The Beirut earthquake of 551 AD

The 551 Beirut earthquake occurred on 9 July 551. It had an estimated magnitude of about 7.6 on the moment magnitude scale and a maximum felt intensity of X (Intense) on the Mercalli intensity scale. It triggered a devastating tsunami which affected the coastal towns of Byzantine Phoenicia, causing great destruction and sinking many ships. Overall large numbers of people were reported killed, with one estimate of 30,000 by Antoninus of Piacenza for Beirut alone. According to contemporary accounts the sea retreated about 2 miles.A few decades before that event, there were a series of smaller earthquakes in Beirut and along the coast at exactly the same place. The 551 A.D. was the last big one in a series. The purpose of this little note is to draw attention to a series of different catastrophic event that occurred a few years from each other and must have been a fatal punch in the heart of society of the times. It might have seriously influenced the Middle-Age. The regression, the religious fervor or the superstition.

The extreme weather events of 535–536 were the most severe and protracted short-term episodes of cooling in the Northern Hemisphere in the last 2,000 years. The event is thought to have been caused by an extensive atmospheric dust veil, possibly resulting from a large volcanic eruption in the tropics, and/or debris from space impacting the Earth. Its effects were widespread, causing unseasonal weather, crop failures, and famines worldwide.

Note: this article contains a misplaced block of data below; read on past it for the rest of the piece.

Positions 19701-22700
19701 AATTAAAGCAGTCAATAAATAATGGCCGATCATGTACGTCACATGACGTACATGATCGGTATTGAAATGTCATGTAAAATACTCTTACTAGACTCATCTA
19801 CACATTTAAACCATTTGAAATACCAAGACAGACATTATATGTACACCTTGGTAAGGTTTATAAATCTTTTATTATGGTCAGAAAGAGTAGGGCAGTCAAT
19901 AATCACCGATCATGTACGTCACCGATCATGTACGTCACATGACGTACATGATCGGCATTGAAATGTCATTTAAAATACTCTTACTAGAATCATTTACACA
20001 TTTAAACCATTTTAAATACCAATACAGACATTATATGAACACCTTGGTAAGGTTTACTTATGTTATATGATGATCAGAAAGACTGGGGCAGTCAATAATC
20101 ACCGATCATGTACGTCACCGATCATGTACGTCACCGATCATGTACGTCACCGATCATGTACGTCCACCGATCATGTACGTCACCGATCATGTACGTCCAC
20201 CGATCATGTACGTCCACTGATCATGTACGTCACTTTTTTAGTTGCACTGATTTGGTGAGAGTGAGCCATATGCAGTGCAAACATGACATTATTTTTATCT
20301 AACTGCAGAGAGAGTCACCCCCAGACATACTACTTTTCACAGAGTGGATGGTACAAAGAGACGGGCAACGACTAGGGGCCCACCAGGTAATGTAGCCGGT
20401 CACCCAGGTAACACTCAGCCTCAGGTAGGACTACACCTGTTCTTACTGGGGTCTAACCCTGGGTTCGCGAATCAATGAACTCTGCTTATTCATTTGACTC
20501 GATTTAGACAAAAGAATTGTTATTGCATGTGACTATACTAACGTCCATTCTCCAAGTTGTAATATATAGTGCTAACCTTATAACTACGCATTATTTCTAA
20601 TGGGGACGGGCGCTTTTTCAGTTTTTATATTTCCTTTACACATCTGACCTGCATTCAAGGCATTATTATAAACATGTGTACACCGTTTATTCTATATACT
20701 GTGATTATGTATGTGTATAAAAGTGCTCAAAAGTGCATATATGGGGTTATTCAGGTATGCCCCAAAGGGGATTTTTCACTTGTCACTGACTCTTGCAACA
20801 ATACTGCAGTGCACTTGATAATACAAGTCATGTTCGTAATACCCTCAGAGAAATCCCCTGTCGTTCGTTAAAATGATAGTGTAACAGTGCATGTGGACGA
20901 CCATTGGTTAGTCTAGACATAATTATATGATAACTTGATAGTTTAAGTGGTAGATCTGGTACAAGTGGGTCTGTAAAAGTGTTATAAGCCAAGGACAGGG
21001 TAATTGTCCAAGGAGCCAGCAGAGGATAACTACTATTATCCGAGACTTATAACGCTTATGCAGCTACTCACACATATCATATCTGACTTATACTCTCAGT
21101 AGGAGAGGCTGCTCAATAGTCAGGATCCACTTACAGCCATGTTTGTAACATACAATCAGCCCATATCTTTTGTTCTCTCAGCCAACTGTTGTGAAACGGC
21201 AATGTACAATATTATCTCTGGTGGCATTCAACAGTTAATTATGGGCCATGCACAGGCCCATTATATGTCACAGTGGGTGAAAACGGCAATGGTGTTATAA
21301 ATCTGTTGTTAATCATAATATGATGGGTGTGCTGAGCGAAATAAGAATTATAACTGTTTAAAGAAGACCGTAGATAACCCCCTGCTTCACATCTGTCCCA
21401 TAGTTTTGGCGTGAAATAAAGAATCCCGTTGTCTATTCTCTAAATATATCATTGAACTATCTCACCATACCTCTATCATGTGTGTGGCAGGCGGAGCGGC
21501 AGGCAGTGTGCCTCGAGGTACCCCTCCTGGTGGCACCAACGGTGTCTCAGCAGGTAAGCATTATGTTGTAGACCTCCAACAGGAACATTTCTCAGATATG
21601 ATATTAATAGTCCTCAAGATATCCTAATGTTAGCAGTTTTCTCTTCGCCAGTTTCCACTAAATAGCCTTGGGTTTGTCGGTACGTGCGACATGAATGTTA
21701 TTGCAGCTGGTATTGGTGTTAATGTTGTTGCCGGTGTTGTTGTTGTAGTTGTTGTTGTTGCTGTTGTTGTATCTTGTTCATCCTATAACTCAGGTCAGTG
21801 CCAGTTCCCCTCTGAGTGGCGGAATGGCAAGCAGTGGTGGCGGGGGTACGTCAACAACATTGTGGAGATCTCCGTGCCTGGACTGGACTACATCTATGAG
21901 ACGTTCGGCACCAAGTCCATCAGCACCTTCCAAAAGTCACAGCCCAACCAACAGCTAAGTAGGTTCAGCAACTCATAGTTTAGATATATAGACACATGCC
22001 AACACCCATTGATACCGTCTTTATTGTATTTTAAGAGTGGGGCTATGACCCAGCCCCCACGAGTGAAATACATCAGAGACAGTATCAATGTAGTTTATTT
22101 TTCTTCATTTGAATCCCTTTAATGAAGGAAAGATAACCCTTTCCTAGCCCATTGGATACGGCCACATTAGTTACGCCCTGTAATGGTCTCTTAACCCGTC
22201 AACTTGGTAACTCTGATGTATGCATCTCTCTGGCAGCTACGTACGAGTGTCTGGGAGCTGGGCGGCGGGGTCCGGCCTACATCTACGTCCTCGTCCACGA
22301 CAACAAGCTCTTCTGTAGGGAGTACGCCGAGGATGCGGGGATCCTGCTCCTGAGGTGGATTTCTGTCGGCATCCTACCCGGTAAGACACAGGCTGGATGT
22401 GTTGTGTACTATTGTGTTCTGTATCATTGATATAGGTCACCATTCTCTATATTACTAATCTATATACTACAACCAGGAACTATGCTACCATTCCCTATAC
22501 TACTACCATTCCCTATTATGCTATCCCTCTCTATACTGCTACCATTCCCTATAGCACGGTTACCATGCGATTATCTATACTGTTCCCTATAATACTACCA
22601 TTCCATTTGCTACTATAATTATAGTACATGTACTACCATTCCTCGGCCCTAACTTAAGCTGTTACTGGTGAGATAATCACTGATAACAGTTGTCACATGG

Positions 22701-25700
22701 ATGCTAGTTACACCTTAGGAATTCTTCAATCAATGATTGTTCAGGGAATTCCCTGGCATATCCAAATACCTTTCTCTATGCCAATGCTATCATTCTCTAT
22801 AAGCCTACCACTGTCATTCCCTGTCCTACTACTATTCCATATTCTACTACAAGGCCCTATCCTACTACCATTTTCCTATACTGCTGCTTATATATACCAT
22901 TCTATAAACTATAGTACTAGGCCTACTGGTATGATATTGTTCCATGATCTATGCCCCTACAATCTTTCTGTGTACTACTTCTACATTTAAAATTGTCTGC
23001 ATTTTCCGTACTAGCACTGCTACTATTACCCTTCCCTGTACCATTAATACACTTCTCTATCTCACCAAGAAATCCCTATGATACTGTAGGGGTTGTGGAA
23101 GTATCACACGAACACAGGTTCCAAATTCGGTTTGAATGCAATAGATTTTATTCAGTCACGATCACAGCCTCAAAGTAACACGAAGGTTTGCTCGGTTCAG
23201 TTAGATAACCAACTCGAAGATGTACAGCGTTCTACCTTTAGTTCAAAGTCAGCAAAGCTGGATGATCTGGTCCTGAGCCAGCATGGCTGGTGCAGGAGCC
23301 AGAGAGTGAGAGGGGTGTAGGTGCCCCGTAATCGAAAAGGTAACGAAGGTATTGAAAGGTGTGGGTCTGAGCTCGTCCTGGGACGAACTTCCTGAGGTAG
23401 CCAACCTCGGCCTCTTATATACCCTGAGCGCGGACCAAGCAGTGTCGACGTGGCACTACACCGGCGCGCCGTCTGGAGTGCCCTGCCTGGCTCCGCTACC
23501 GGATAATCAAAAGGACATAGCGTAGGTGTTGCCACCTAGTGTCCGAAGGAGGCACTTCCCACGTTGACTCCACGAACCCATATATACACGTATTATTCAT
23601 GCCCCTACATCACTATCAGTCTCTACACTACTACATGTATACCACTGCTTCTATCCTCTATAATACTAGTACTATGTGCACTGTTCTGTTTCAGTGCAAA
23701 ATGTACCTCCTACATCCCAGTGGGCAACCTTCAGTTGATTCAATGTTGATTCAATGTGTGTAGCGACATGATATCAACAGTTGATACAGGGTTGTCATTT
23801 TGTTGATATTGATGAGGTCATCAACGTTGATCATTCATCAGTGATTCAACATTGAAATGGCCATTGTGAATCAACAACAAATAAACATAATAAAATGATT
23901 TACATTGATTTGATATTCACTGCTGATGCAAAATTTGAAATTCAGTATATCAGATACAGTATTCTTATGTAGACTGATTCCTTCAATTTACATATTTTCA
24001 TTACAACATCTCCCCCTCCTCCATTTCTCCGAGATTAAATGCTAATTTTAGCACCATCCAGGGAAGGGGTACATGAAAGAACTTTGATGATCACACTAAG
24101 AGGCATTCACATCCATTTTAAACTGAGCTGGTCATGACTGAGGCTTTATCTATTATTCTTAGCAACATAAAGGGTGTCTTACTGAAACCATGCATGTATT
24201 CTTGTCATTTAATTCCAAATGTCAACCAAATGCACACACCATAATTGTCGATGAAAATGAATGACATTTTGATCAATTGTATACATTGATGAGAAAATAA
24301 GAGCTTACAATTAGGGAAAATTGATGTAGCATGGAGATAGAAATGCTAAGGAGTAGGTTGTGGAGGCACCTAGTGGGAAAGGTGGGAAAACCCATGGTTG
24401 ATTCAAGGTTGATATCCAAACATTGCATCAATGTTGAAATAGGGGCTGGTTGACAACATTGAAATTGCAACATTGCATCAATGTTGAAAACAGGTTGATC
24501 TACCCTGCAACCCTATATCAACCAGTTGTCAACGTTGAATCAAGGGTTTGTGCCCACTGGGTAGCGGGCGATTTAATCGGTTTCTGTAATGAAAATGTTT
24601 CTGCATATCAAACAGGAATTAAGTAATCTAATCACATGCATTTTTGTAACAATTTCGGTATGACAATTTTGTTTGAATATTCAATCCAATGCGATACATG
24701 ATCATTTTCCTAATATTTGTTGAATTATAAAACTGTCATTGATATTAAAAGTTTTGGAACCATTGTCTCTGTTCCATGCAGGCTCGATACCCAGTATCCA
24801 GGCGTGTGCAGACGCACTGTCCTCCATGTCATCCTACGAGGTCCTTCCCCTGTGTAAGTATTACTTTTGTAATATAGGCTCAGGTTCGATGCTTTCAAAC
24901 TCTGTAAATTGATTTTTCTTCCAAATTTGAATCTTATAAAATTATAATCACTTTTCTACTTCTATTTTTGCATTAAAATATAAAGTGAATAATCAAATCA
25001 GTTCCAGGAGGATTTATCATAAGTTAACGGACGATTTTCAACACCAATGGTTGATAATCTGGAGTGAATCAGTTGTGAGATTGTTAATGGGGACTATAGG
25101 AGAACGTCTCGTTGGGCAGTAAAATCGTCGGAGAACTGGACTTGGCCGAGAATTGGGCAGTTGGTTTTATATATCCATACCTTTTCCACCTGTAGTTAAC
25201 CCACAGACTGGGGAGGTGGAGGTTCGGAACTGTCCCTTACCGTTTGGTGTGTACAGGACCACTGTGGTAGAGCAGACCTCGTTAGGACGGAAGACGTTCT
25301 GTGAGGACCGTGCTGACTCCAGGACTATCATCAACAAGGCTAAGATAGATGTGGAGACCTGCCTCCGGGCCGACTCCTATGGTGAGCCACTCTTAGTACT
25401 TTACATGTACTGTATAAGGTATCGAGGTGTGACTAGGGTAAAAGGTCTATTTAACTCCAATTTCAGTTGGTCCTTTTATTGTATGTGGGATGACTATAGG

During the decade of the 530s, it seemed to many that God had abandoned the Christian Roman Empire. There was noxious fumes in the air, the Sun, while still providing day, refused to give much heat. This caused famine unlike anything those of the time had seen before, weakening the people of Europe and the Middle East.

The cause of these disasters aren’t precisely known, but the Rabaul caldera, Lake Ilopango and Krakatoa volcanoes… or a collision with a swarm of meteors are suspected. Scientists have spent decades on the mystery. According to studies of the Greenland ice core, this sudden volcanic activity was triggered by comet debris hitting Earth at this time. This or these impacts must have triggered the volcanic explosions in Central America and probably in Asia and even the earthquakes spread out over the following years… from 536 to 551 AD.


Related links:

Beirut is ridiculously unprepared for a major earthquake

* The earthquake chronology of Palestine and Northwest Arabia from the 2nd through the mid-8th century A.D. (not free)

* A short article about the event of 536 AD all around the world… with interesting references and people’s comments below the article

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